Before I work with a dog, I spend a couple of hours on the phone talking to the dog’s owner and noting down its case history. I start by asking the owner for some very basic and standard information – contact details, vet details, dog’s medical history and the like – and then we spend some time discussing the main behaviour problem. I then ask the owner another series of questions, and as we start to go through them I often detect an air of ‘why is she asking me this?’ from the other end of the phone-line. At that point I explain that although the questions may not seem to bear any relevance to the problem itself, the answers will enable me to gain an insight into the dog’s general temperament.
Temperament is an important factor in working out how best to resolve a behaviour issue. Temperament determines how an individual dog responds to the world, and so provides me with a predictable foundation on which to base a dog’s behaviour therapy and training plan.
Take the Canine Mind Temperament Test! Which set of the following temperament traits best describes your dog?
- Friendly and bold
- Takes an ‘approach and explore’ attitude to novelty
- Enthusiastically plays fetch and tug
- May be startled by sudden noise or movement but recovers and adapts
- Will tolerate close contact and petting when eating and will allow food items to be removed without objection
- Friendly but passive
- Takes a considered approach to novelty
- Willingness to fetch and tug but lacks enthusiasm
- Not easily startled by sudden noise or movement
- Will tolerate close contact and petting when eating and allows food items to be removed without objection
- Lacks the ability to problem solve and avoids novelty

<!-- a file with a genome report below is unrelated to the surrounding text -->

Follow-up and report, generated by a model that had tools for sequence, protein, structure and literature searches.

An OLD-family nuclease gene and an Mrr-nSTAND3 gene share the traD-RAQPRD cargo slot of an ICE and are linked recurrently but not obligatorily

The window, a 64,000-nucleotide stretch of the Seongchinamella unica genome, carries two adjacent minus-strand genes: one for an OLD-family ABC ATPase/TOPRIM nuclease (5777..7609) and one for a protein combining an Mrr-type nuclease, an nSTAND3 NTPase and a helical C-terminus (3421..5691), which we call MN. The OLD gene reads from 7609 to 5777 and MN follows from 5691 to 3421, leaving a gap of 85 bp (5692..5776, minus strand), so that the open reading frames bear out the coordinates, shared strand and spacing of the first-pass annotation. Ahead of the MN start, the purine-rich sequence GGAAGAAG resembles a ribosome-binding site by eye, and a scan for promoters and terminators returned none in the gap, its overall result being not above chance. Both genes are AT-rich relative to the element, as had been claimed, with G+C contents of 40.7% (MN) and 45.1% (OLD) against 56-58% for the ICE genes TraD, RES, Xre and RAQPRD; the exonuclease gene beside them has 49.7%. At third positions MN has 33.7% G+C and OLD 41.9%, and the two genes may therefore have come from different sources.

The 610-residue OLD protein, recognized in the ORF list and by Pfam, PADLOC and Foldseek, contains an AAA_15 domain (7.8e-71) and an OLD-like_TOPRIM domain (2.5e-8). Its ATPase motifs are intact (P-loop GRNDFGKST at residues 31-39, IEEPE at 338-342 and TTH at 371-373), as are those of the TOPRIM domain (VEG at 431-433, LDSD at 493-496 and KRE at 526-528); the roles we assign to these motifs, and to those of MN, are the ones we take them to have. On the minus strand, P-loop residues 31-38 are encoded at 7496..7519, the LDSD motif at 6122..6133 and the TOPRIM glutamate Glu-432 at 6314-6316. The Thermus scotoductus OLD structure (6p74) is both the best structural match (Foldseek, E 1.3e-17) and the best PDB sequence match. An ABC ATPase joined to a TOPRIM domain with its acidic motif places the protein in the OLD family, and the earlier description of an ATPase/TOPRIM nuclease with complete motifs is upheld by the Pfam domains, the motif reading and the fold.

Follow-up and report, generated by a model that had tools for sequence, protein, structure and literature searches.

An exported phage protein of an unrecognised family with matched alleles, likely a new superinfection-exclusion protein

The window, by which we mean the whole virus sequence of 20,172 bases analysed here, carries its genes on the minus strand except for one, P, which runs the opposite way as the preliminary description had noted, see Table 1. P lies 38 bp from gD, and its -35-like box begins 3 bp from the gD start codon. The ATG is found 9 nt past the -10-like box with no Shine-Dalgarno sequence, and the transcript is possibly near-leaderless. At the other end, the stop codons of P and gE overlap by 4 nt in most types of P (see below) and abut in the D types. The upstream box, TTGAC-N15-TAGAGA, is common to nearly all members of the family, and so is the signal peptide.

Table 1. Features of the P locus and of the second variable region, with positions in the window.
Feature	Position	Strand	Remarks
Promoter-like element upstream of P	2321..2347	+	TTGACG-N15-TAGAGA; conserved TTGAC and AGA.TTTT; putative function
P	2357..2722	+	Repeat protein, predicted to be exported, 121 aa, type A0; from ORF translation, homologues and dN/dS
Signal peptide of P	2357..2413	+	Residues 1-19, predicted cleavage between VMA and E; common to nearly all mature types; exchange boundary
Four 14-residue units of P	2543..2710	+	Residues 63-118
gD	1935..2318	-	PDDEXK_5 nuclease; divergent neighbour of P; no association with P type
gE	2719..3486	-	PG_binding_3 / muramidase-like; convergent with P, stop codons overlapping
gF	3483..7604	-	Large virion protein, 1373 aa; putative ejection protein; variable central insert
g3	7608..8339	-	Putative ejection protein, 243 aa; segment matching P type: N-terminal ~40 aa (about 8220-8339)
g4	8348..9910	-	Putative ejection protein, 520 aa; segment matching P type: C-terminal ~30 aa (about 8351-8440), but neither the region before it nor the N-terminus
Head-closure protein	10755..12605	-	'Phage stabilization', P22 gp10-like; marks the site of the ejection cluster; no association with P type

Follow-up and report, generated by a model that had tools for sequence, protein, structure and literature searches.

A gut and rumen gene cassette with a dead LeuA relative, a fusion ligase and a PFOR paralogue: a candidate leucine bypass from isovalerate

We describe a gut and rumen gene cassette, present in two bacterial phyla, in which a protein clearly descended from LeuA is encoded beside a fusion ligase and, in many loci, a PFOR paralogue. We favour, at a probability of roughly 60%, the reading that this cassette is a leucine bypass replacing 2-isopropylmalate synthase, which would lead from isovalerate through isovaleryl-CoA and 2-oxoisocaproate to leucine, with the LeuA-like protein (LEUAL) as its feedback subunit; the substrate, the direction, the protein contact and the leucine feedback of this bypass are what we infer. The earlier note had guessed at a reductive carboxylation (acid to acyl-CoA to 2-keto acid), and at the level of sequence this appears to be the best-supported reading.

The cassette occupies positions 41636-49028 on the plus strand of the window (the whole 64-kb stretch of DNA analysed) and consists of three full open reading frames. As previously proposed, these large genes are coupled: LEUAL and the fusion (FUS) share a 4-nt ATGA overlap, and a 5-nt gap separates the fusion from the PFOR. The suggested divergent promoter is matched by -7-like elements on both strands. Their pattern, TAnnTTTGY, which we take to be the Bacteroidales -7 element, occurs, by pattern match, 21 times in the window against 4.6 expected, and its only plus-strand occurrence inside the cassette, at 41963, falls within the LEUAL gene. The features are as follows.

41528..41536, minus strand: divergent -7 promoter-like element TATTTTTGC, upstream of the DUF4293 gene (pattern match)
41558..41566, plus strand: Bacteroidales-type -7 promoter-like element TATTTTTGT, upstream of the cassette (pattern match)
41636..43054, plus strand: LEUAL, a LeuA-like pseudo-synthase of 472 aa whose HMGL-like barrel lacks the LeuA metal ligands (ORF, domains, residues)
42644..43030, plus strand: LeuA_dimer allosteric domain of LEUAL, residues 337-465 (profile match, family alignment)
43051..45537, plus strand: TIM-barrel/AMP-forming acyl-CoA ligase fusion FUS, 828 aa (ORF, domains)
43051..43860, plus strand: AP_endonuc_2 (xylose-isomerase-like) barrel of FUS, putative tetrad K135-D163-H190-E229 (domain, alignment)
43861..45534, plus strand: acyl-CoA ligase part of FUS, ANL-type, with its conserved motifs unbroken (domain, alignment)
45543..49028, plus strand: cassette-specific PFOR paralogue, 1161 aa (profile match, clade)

- Ignores toys, half-heartedly chases a ball but then walks away, won’t take hold of a tug-toy
- Takes flight or freezes when startled and shows lingering signs of fear, may become defensive if cornered
- Moves away from food items when approached and allows their removal without objection
- Touch sensitive
- Does not habituate to change and novelty
- Intolerant of restraint
- Possessive of toys, all take and no give
- Tendency to bark when startled and may lash out
- When eating will stiffen up and/or threaten anyone who approaches or attempts to remove food items
If set 1 best describes your dog, he shows traits of stability and extroversion.
His temperament type is sanguine – ‘S-type’.
If set 2 best describes your dog, he shows traits of stability and introversion.
His temperament type is phlegmatic – ‘P-type’.
If set 3 best describes your dog, he shows traits of instability and introversion.
His temperament type is melancholic – ‘M-type’.
If set 4 best describes your dog, he shows traits of instability and extroversion.
His temperament type is choleric – ‘C-type’.
(NB ~ I have used 'he' and 'his' only for descriptive purpose, replace with 'her' and 'she' if your dog is female!)
S-type ~ It is uncommon for owners of S-type dogs to call me with a problem unless the owner is not devoting enough time to exercise or providing the dog with social, environmental and breed-specific enrichment and basic training – in other words, the dog is bored and seeking stimulating and rewarding activity (what we see as destructive and hyperactive behaviour). Occasionally S-type dogs can be overly-sensitive to sudden noise or movement, but with the right training approach and their otherwise stable temperament, this threshold can be raised.
P-type ~ It is very rare for owners of P-type dogs to call me with a problem unless the owner’s circumstances have changed and the dog is experiencing longer periods of separation than it is previously used to.
M-type ~ Fear, anxiety, nervousness, separation and compulsive behaviour issues are common with M-types. Around a third of the dogs that I am called on to help with are M-types.